THE VIOLET END OF THE SPECTRUM is the most powerful wavelength of all the visible colors, so scientifically and psychologically it’s not surprising that the color has developed quite a coveted aura throughout history, in addition to its association with wealth and royalty. Its allure hasn’t been lost on vegetables, either. At the end of last year, consumer trend advisors from the regional food market giant Whole Foods designated 2017 “The Year of Purple Foods.” Putting aside the marketing hype, at least this is one trend that can benefit your health, as well.
Purple vegetables contain powerful antioxidants called anthocyanins, the compounds that give them their color. “The darker the food, the more antioxidants it contains,” explains Jahnavi Foster, registered nutritionist and health educator at Mother Earth’s Storehouse in Kingston. “Antioxidants are key to fighting disease and inflammation, and can also help lower blood pressure and reduce ulcers.” Further, Foster notes, “There’s evidence that [purple vegetables] can help inhibit the growth of cancer and induce cancer cell death in patients with liver, prostate and breast cancers.”
Local chefs are swapping purple vegetables into recipes, too, for a colorful change from traditional favorites.
While many regard purple vegetables as modern hybrids or genetically modified varieties, historic evidence suggests that purple produce is by no means a new phenomenon. Carrots, for example, originally were purple or white and much thinner. A sixteenth-century mutation created a race of yellow carrots, and from that, Dutch growers developed the familiar, thick orange carrots we know today. Hardy and reliable purple potatoes, native to Peru, Ecuador and Bolivia, have been cultivated by indigenous farmers for millennia. Purple may be making a comeback, in fact: In 2003, Cornell University potato breeders Robert Plaisted, Ken Paddockand Walter De Jong released ‘Adirondack Blue,’ a potato variety with both blueish-purple skin and flesh.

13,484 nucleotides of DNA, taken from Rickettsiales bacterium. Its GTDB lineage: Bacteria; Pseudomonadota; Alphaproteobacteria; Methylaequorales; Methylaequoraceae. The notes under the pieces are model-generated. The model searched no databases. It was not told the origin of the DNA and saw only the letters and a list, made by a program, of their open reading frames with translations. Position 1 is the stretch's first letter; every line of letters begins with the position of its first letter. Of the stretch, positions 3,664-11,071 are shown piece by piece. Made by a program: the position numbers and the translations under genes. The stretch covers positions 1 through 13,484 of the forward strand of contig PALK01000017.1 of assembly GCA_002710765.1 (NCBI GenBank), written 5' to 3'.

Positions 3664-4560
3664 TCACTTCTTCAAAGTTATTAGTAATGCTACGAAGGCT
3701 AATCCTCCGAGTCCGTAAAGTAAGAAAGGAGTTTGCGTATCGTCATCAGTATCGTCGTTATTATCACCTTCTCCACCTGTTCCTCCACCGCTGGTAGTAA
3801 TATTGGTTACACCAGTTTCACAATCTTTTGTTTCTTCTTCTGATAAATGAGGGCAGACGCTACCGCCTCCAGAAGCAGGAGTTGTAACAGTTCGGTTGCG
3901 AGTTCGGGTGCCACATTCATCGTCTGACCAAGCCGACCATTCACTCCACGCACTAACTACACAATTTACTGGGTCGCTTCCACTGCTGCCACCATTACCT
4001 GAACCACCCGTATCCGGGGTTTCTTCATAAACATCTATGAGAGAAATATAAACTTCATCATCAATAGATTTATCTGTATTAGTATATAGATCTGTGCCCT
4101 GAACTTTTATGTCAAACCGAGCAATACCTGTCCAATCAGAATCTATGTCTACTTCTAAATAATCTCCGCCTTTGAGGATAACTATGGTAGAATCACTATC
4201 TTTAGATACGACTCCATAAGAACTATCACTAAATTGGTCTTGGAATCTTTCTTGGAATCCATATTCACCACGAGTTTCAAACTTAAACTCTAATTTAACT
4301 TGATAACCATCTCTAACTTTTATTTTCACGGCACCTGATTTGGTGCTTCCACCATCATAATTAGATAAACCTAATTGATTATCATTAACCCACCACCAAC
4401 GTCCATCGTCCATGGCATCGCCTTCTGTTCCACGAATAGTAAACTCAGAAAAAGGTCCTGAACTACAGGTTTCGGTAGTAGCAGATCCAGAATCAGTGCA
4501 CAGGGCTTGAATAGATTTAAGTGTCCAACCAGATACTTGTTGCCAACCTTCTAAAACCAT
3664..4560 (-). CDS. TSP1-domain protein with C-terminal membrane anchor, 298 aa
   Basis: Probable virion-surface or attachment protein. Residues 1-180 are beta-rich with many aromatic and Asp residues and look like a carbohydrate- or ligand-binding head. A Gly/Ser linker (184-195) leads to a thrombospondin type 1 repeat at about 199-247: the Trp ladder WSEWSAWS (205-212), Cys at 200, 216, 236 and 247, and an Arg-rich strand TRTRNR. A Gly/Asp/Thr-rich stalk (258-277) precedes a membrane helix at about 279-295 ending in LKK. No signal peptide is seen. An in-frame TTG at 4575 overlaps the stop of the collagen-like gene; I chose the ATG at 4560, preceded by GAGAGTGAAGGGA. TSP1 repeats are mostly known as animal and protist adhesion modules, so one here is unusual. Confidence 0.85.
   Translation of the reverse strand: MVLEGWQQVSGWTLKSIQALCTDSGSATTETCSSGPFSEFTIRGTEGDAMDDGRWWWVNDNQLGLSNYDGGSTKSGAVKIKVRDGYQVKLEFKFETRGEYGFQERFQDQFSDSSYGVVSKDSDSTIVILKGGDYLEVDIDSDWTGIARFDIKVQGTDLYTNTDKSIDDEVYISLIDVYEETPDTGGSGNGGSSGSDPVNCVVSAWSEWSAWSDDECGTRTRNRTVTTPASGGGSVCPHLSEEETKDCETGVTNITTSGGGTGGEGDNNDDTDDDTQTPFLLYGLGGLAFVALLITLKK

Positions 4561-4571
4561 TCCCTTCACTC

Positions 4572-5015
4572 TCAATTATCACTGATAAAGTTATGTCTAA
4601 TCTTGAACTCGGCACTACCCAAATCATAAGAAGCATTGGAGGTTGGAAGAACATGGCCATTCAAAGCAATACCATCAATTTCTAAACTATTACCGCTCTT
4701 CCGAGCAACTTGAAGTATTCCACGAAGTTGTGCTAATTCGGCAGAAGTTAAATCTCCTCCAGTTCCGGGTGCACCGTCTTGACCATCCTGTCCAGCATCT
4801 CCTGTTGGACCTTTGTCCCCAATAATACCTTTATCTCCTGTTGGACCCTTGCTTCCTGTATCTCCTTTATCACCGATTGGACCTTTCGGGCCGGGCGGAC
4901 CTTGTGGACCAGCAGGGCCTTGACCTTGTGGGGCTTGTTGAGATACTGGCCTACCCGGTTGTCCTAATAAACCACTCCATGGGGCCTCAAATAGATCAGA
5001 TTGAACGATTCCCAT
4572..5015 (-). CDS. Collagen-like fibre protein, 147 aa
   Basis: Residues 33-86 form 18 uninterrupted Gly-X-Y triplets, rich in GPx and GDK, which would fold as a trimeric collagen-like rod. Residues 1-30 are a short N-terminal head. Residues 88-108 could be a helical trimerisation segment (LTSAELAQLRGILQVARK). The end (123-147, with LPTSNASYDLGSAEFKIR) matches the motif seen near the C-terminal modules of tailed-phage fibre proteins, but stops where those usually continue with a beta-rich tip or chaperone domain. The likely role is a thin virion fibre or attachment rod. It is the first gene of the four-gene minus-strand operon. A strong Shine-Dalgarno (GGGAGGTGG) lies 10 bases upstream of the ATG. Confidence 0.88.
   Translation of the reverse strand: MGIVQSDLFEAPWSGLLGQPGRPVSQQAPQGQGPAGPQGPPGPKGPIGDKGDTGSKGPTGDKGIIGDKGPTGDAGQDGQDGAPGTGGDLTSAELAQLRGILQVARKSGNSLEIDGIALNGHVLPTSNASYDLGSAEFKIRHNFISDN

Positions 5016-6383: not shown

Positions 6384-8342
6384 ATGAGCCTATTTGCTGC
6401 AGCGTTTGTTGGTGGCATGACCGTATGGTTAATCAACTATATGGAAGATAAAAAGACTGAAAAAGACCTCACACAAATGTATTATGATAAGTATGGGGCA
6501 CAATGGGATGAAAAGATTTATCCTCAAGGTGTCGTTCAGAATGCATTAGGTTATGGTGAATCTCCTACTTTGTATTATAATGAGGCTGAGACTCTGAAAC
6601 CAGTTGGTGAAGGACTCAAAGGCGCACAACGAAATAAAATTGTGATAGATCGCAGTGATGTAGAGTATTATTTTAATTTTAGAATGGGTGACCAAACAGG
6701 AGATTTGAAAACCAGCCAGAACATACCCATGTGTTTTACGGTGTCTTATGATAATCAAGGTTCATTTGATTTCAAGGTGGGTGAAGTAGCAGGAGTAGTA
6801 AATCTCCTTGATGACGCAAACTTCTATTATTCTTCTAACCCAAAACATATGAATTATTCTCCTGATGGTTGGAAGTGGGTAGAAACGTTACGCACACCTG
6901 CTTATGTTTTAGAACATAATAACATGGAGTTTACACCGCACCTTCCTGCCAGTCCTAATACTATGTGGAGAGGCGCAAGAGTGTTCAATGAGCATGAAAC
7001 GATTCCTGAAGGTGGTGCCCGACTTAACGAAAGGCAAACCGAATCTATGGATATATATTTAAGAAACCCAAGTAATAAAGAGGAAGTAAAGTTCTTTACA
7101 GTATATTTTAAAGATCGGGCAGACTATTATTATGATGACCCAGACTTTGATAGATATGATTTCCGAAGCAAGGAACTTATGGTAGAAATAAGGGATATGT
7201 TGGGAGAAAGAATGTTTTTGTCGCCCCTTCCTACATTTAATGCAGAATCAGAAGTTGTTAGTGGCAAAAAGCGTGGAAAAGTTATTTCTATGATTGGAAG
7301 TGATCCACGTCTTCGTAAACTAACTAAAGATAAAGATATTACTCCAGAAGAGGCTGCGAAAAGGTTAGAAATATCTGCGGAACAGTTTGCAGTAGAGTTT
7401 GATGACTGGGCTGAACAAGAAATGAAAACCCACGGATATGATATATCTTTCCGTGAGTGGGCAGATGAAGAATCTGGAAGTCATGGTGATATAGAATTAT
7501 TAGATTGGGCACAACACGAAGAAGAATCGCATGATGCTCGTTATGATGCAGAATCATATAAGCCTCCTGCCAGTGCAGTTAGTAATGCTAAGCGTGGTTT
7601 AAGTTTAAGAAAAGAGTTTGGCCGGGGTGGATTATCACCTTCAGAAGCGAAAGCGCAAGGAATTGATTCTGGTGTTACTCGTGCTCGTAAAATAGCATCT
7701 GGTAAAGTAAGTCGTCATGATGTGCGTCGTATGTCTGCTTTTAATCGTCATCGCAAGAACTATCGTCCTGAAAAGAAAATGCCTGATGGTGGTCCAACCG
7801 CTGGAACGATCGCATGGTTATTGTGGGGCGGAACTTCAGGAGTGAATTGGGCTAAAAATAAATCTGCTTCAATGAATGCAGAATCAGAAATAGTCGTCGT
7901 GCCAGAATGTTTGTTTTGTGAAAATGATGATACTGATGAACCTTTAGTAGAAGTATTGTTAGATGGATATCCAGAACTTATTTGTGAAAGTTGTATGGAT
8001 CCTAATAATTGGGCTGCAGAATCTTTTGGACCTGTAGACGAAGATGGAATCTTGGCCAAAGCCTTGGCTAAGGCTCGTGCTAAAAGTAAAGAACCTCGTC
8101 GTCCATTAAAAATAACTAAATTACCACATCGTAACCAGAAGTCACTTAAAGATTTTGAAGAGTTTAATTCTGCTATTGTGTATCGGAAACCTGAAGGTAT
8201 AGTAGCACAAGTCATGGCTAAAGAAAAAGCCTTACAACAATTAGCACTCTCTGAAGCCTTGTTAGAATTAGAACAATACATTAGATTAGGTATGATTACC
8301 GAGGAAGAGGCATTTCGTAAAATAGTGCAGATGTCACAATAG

While the purple varieties are generally more healthful than their paler cousins, they can be prepared the same. They’re best eaten raw; if cooked, they’re better steamed or roasted as opposed to boiled because anthocyanins are water soluble.
Local chefs are swapping purple vegetables into recipes, too, for a colorful change from traditional favorites. At Gigi Trattoria in Rhinebeck, owner and registered dietician Laura Pensiero incorporates purple vegetables in multiple places on her menus, including a Mediterranean purple potato salad on the catering menu and a traditional Sicilian cauliflower pasta at the restaurant.
Coating curly cavatappi pasta, the thick, vibrant sauce dresses up the usually subtle-looking dish. “The cauliflower sauce is traditionally made with white cauliflower,” Pensiero notes. “When you use purple instead, it looks beautiful on the plate and there’s so much more there that makes it healthy, too. It’s definitely a special dish.”
Joana Herrera, chef at Mariachi Mexico in Armonk, grows her own Japanese eggplant in the restaurant’s garden for use in several dishes, including one of her fall favorites: grilled eggplant, lentil and buttered Swiss chard tacos. (Japanese eggplant has thinner skin and a more delicate flavor than American eggplant—and it has fewer seeds, which is what can make American eggplants bitter). The skin color ranges from a light violet to a rich, dark purple—making for a beautiful and healthful vegetarian dish. “My main squeeze will always be a taco!” Herrera admits. “The grilled eggplant, chard and lentils topped with heirloom tomato and cowhorn chile salsa gives you that familiar comfort food taste with each bite.”
There’s little doubt that the chemistry behind purple vegetables is good. Eggplants are chock full of chlorogenic acid; purple grapes feature high amounts of resveratrol; and compared to its green cousins, purple broccoli has higher levels of just about everything beneficial. But don’t party just yet—there’s a downside: Eggplants, tomatoes, potatoes (not sweet potatoes) and all peppers are members of the nightshade family (Solanaceae). Other than the fruits, most parts of the plants in this family, including the leaves, stems, roots and flowers, contain toxins that can be dangerous if ingested. The crown member of the family—Atropa belladonna, or deadly nightshade—is the source of the powerful drug belladonna. Some of the alkaloids present in nightshade vegetables (including solanine, nicotine and capsaicin) may have inflammatory effects in some people. Many nutritionists suggest that those with autoimmune diseases, psoriasis, gout, arthritis or osteoporosis should try to steer clear of the nightshade vegetables.